It has been almost a week since Ange Postecoglou’s potential move to take charge of Scottish club Celtic was first revealed.
And while it only looks more likely to eventuate, the delay has accounted for a range of reactions that underline the enormity of the task the 55-year-old Melburnian is set to undertake.
According to reports in Scotland, the hold-up in rubber stamping Postecoglou in the Parkhead hot seat is to do with a wait for special dispensation to grant him a European Pro Licence so that he can lead Celtic in its Champions League qualifiers.
The former Socceroos boss does not currently have one and while Celtic is applying for an exemption from FIFA due to his extensive 25 years of experience managing in the world game, it is unclear how long it will take for that to be granted.
It may in fact prove a fatal blow in the move to bring him across from Yokohama F Marinos, who are understood to have handed him a release from his J-League deal to move to Glasgow.
It does seem bizarre that Postecoglou is permitted to try and quell Robin Van Persie and Andres Iniesta in a World Cup but is not allowed to take on Sheriff Tiraspol home and away, but such are the UEFA regulations.
The potential appointment, however, still remains an enormous opportunity for both Australian football — to conquer its final frontier — and for Postecoglou, as he continues his path to reaching the summit of world football management.
But as expected the reaction from Celtic fans in Scotland has been mixed at best.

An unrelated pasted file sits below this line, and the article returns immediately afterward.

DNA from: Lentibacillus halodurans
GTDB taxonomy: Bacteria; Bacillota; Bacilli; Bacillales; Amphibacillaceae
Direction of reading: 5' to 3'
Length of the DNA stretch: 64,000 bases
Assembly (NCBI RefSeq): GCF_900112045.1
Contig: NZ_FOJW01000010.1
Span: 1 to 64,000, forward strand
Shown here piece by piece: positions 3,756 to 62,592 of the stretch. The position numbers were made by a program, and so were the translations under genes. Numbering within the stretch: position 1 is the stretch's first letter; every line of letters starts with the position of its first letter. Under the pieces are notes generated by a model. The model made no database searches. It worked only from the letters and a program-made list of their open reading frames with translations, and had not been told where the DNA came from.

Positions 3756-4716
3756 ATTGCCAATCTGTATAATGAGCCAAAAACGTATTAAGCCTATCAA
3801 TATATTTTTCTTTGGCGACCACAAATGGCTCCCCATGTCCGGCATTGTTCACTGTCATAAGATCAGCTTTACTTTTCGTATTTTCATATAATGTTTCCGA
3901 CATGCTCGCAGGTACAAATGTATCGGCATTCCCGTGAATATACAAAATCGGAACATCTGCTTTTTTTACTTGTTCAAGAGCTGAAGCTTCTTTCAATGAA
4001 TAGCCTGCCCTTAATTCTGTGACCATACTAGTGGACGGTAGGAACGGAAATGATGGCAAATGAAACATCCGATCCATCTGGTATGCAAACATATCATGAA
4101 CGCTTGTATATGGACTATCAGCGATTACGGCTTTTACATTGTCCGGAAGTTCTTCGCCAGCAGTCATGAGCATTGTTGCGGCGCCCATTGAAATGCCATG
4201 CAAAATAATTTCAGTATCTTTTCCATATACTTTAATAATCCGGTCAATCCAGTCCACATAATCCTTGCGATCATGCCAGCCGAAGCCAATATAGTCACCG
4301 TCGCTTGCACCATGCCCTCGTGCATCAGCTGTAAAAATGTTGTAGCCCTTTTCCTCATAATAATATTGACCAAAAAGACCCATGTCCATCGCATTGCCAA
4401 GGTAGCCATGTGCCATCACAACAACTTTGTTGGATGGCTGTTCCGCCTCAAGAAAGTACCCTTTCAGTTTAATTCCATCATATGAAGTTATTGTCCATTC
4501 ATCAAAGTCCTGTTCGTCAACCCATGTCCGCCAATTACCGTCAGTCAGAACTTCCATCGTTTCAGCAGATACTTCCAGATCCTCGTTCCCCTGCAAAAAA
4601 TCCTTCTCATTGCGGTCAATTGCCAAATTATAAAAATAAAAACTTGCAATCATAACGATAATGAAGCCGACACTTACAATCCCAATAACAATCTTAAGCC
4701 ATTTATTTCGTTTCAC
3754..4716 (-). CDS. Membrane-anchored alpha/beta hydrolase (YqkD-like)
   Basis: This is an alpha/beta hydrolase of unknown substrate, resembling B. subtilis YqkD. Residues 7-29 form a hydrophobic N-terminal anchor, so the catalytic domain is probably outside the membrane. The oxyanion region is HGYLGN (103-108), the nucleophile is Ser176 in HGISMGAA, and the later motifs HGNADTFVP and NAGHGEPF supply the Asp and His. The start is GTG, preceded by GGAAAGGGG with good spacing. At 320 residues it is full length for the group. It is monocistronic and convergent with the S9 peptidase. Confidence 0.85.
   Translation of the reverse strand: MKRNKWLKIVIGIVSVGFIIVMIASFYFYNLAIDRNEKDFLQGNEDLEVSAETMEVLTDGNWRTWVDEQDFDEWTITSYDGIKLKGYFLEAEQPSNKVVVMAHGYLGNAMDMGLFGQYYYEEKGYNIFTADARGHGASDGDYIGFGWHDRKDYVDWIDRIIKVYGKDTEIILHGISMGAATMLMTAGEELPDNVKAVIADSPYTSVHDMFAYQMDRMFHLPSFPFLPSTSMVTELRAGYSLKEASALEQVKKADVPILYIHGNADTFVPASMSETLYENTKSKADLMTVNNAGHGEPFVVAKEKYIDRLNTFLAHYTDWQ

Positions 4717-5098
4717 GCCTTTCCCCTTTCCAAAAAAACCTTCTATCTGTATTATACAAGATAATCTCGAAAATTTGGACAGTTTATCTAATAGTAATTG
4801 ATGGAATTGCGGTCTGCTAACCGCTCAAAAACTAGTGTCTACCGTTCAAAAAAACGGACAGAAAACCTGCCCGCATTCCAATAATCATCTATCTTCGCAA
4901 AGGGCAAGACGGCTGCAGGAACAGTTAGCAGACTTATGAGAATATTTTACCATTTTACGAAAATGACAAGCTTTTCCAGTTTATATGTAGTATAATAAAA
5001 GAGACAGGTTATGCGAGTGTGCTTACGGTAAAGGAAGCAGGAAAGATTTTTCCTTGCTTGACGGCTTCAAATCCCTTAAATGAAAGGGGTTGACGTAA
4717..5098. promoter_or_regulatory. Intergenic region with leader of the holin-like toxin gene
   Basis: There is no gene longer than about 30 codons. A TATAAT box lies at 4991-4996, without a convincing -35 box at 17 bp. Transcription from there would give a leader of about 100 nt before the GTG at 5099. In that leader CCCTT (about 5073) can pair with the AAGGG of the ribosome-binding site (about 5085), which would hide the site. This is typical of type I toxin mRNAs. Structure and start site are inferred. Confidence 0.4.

There are many who continue to apply a naive lens on anything outside of European football and therefore refuse to take notice of Postecoglou’s remarkable J-League title triumph with Yokohama — without even speaking the nation’s native tongue — or his Asian Cup title with Australia in 2015.
It was a sentiment echoed by former Scotland striker Alan Brazil on radio this week as he rolled his eyes and groaned over the mooted appointment and then ignorantly stuttered and stammered his way through pronouncing the Postecoglou surname.
You would hope someone of his position would bother to do some actual research on the person he is speaking about and his reaction may be fitting of his typical shock-jock shtick and therefore easy to ignore, if not for so many others in Scotland who are adopting the same thought process.
Thankfully there are other fans and pundits of a more open and learned mind, such as BT Sport presenter Darrell Currie, who was a guest on the ABC Grandstand Football Podcast this week.
“Some of the supporters will without doubt be sceptical to begin with, they’ll want to know more about his coaching style and the players he’ll want to bring in,” Currie said.
“The support will be there though.
“When you become a manager of Celtic, the support he is going to receive at the beginning is probably like nothing he has ever seen before in his life.
“He’ll be a hero from the start, and it will either go to another level or it goes wrong.”
Postecoglou to face media glare